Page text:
Filtering Options
Now, lets talk about the different ways to treat water to make it safer for drinking.

Activated carbon pitcher style filters-They remove some contaminants, but not all. It does not remove fluoride, but here in Olympia that is not a concern, as we do not have fluoride in our municipal water supply. Filter cartridges for this style filter need to be replaced often, and have the potential to breed microorganisms due to the fact that oxygen can become trapped inside the granular filter and encourage the bacteria to grow. Note- you should never run hot water through this type of filter, as it can release the trapped bacteria directly into your drinking water.
Distillation-Is a slow process that uses boiling water and recapturing the condensation. This process removes nearly everything, including the important minerals, so that they would need to be added back in. Distilled water can cause mineral deficiencies in those who may already be mineral deficient. It is not recommended for long periods of time.
Reverse osmosis filtration– This system costs more but removes more impurities, unfortunately, that also includes those precious minerals. This type of filter usually has 2 or more filtering mechanisms, meaning that it will filter out more contaminants, however they usually only make 3-10 gallons a day and have a limited holding capacity as well as being a bulky filtering system.
Solid Carbon block filters-These filters alleviate concerns of microorganisms due to much less oxygen supply within the carbon filter. The amount of microorganisms filtered out is determined by the micron filter rating. The lower the number, the more it will filter out.
Local Artesian Well– Fortunately here in Olympia, WA, we have FREE access to an Artesian well that is tested regularly for bacteria. Our family actually bought a couple of 5 gallon glass carboys and we fill them up weekly for free.  We have the best tasting water and we don’t have to filter anything. Of course this does take a little planning to fill the jugs up every week, but to us it’s not even a choice. I’ve noticed that the better the water tastes, the more I drink. The first time I had water from the local Artesian well it was a kind of AHA! moment, like I was tasting water for the very first time. It just tastes like…water! You can find more information on the our local Artesian well at http:// olympiawa.gov/city-services/parks/parks-and-trails/artesian-well-commons or you can also do a web search and read about the many other wells that were once public water sources in downtown Olympia. If you are outside of the Olympia, WA area, do a little looking and see if you too, have a local Artisian water source.

Other Water Exposures
The last thing I think I should mention is that most of us fail to consider, is the water we drink should be clean and nourishing and so should the water we bathe in. Considering that our skin is our largest organ, we must realize that whatever is placed on it is directly absorbed into our bloodstream, whether it’s cosmetics, lotions, tattoos, or even the water we shower in. While most of us enjoy a nice hot shower to either relax us or warm us up, it’s important to realize that the heat of the shower opens up our pores to allow more of those chemicals from the water into our bodies.  In addition to drying out our skin. Crazy, right? So short of installing a whole house filter which can be quite costly, what can be done? Well, they have very reasonably priced filters that attach directly to your shower head and filter out the chemicals. We recently purchased one for our shower, like this, and another that is designed to remove the chlorine from the bathtub, like this. The one we have for the bath is a ball that you swish through the water for a few minutes. I immediately noticed a reduction in the heavy chlorine odor that is normally present when the water is turned on. It disappeared in just a few minutes. Also I’ve noticed that my shower is staying much cleaner since installing the filter and my skin is staying more hydrated. Another big concern from showering is not only the chlorinated water on your skin, but what you breath in from the hot shower steam, directly into your lungs and bloodstream.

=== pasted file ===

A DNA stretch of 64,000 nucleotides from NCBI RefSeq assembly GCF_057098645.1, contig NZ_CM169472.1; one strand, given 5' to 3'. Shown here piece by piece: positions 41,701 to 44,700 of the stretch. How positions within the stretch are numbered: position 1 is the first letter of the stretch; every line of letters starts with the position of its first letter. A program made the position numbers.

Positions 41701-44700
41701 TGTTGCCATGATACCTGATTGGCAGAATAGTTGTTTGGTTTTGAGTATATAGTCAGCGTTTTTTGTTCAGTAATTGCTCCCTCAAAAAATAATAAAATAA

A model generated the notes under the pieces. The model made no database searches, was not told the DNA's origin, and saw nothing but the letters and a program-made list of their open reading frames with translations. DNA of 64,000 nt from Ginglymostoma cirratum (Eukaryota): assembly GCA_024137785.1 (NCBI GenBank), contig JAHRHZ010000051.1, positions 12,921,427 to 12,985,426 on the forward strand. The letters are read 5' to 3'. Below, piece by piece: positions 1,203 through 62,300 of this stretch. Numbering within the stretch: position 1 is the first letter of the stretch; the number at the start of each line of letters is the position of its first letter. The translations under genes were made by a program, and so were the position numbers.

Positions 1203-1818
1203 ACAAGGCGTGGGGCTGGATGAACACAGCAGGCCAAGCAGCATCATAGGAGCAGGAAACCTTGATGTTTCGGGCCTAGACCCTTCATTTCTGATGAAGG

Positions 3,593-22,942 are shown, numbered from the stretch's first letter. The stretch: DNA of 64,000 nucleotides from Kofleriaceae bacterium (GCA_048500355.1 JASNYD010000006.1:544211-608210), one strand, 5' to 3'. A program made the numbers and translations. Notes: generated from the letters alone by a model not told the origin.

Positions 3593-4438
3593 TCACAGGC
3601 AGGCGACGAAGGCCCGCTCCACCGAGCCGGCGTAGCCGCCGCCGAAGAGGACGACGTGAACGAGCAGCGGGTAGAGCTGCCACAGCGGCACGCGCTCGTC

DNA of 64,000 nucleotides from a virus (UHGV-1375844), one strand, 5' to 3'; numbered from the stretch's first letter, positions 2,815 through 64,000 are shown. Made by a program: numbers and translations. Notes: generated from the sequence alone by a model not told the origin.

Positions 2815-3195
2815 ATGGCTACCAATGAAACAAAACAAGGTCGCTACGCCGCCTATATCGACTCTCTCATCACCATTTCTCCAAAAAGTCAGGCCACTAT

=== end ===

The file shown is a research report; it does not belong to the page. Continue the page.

I hope this encourages you to look into the source of your water and consider filtration devices that suit your needs or perhaps buy your own water jugs and utilize the amazing FREE resource we have here in Olympia, and possibly in your area as well. After all, water is critical to our health and survival and is such a simple way to improve your health and longevity.

Sources Referenced:
Nutritional Therapy Association
Mercola.com
organicconsumersassociation.com
Staying Healthy with Nutrition, Haas.

UPDATE: 12/12/17 We have purchased a Berkey Filtration system for our home use.  We still go down to the well to get water occasionally, but due to the distance from our house and some other issues surrounding the downtown well, we rely mostly on our Big Berkey. 

Remember: this post is for informational purposes only and may not be the best fit for you and your personal situation. It shall not be construed as medical advice. The information and education provided here is not intended or implied to supplement or replace professional medical treatment, advice, and/or diagnosis. Always check with your own physician or medical professional before trying or implementing any information read here.

Aypril PorterComment